When I'm looking forward to a nice long soak in the bath, I want lots of lovely bubbles that last for ages. So I decided to indulge myself and design a homemade bubble bath recipe that has exactly that.
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Combine your glycerine and your xanthan gum. Xanthan gum works as our thickener in this recipe. Without it, you will have a super runny liquid that isn't at all easy to use.It's important to combine the glycerine and xanthan. This is because your cosmetic gum cannot be added directly to your liquid soap, otherwise you are left with an end product that has lumps of unmixed xanthan gum... Trust me this isn't a good look.
Now we can weigh out surfactant. If the Lauryl glucoside is paste-like or crystalized, weigh this out first then warm it until it has melted. I do this in the microwave it only takes a couple of seconds (literally). Then, add them all together. If you are using any essential oils, you'll need to add them to the surfactant now.While surfactants are great for producing lovely bubbles, They will also act as a solubilizer for any ingredients that are not water-soluble. As we're not producing an emulsion (like in a lotion) or using lye to bring about a chemical reaction, your essential oils will separate from your liquid soap without doing this.When you add anything to your surfactant, it's important to mix it in very slowly. While you are unlikely to produce lots of bubbles at this point, it is still possible to bring about foaming with vigorous stirring. So be careful and stir gently.
Next, add your surfactant (or surfactant/essential oil mixture) to the glycerine and xanthan. Stir it in well, but gently for the same reason we just discussed.
Its time to add our distilled water. Pour this very slowly and stir gently as you do. It's more important to stir gently now than at any other point. When surfactants are exposed to water, they will foam much more easily.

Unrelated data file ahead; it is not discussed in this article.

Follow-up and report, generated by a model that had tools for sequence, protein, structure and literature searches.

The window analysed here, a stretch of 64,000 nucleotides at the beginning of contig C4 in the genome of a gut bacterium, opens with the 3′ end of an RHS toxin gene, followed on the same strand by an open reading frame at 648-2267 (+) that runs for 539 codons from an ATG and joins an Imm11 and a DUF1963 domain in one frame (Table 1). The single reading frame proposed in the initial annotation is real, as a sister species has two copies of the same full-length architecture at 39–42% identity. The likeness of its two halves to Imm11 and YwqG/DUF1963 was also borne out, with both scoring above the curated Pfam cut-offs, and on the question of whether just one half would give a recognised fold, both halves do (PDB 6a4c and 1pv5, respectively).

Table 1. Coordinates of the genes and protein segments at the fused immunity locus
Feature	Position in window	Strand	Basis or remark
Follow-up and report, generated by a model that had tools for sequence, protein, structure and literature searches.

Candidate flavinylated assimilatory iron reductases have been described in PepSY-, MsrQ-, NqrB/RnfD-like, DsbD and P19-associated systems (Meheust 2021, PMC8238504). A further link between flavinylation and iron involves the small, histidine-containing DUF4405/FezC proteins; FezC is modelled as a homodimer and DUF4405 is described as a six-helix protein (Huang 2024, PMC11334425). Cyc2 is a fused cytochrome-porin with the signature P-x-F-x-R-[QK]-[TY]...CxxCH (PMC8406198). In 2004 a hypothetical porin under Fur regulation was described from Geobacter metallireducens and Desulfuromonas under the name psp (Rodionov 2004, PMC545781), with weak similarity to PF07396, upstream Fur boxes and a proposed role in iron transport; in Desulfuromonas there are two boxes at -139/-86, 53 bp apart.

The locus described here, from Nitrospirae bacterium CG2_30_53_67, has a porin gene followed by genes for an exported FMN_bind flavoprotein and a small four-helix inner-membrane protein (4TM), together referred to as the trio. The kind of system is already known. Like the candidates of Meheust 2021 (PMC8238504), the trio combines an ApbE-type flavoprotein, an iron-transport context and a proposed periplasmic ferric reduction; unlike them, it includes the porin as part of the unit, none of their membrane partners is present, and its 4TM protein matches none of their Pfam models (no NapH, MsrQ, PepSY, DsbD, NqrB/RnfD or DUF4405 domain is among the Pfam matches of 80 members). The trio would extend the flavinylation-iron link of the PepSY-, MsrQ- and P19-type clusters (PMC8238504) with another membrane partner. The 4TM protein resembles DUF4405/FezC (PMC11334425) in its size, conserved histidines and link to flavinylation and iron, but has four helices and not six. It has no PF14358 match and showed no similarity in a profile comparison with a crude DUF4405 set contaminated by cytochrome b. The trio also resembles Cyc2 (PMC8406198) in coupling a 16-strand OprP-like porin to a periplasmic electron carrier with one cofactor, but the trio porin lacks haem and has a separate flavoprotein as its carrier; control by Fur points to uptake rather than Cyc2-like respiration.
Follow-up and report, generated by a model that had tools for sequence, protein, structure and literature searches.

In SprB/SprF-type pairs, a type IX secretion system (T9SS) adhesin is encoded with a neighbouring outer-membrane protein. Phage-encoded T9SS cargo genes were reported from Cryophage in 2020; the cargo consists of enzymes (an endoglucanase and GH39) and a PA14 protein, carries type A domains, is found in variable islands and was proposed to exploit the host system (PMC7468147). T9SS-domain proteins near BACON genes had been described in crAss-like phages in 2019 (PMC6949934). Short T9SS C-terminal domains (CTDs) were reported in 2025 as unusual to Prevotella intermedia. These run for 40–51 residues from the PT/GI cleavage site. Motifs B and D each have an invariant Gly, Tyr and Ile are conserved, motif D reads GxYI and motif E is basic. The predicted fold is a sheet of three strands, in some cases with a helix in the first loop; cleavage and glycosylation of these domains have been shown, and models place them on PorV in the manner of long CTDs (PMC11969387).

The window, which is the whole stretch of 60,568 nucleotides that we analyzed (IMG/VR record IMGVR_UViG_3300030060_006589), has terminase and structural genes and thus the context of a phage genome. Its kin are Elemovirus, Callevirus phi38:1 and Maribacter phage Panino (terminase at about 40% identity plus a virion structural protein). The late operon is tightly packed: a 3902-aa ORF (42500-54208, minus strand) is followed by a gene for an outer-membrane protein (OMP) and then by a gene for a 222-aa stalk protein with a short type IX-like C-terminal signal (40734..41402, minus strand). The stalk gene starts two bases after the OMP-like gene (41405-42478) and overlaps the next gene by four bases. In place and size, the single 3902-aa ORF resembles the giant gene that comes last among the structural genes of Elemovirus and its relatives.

As your stir, your liquid soap will begin to resemble... well, liquid soap! Once it has achieved this level of thickness and all of your ingredients are thoroughly combined, you can go ahead and add any liquid soap dye you wish to use.
Now we can test the PH of the product to ensure that it is an effective range. You’re looking for a PH of between 4-6. If, when testing, you find it is outside this range, we can make use of a PH modifier to alter the acidity of the product. If it is too high (which it normally is) you can bring it down adding a few drops of lactic acid. Or you can also bring it down with a little diluted citric acid solution. Mix 10% citric acid with 90% distilled water. If you are unsure how much PH modifier to add, only add a very small amount (say a drop of lactic acid or citric acid) and then test the PH of the product again. Repeat this until you reach an appropriate PH of between 4-6. The first time you do this, you may feel that you are using too many ph strips but expericance will reduce this going forward.
Now its time to add the preservative. Once you have added the preservative and blended it in, you will need to retest the PH and bring it down if needed as you did in step 6. This may seem a bit of a pain but its best to get it right and you will develop a sense of how much Ph modifier to add with experience.
Last but not least, you can transfer it to a PET plastic bottle that has an airtight lid. I like to use a pump bottle for something like hand soap or body wash. However, a pouring bottle might be best for something like a bubble bath.If you have used essential oils in your recipe then it is vitally important that the bottle is made of PET plastic. This is because essential oils will rapidly degrade ordinary plastic, which causes the plastic to leach into your product. While you can use glass or aluminum bottles, I find that PET plastic works well here as you can squeeze the bottle if needed.
With a preservative, this DIY bubble bath should last around 9 months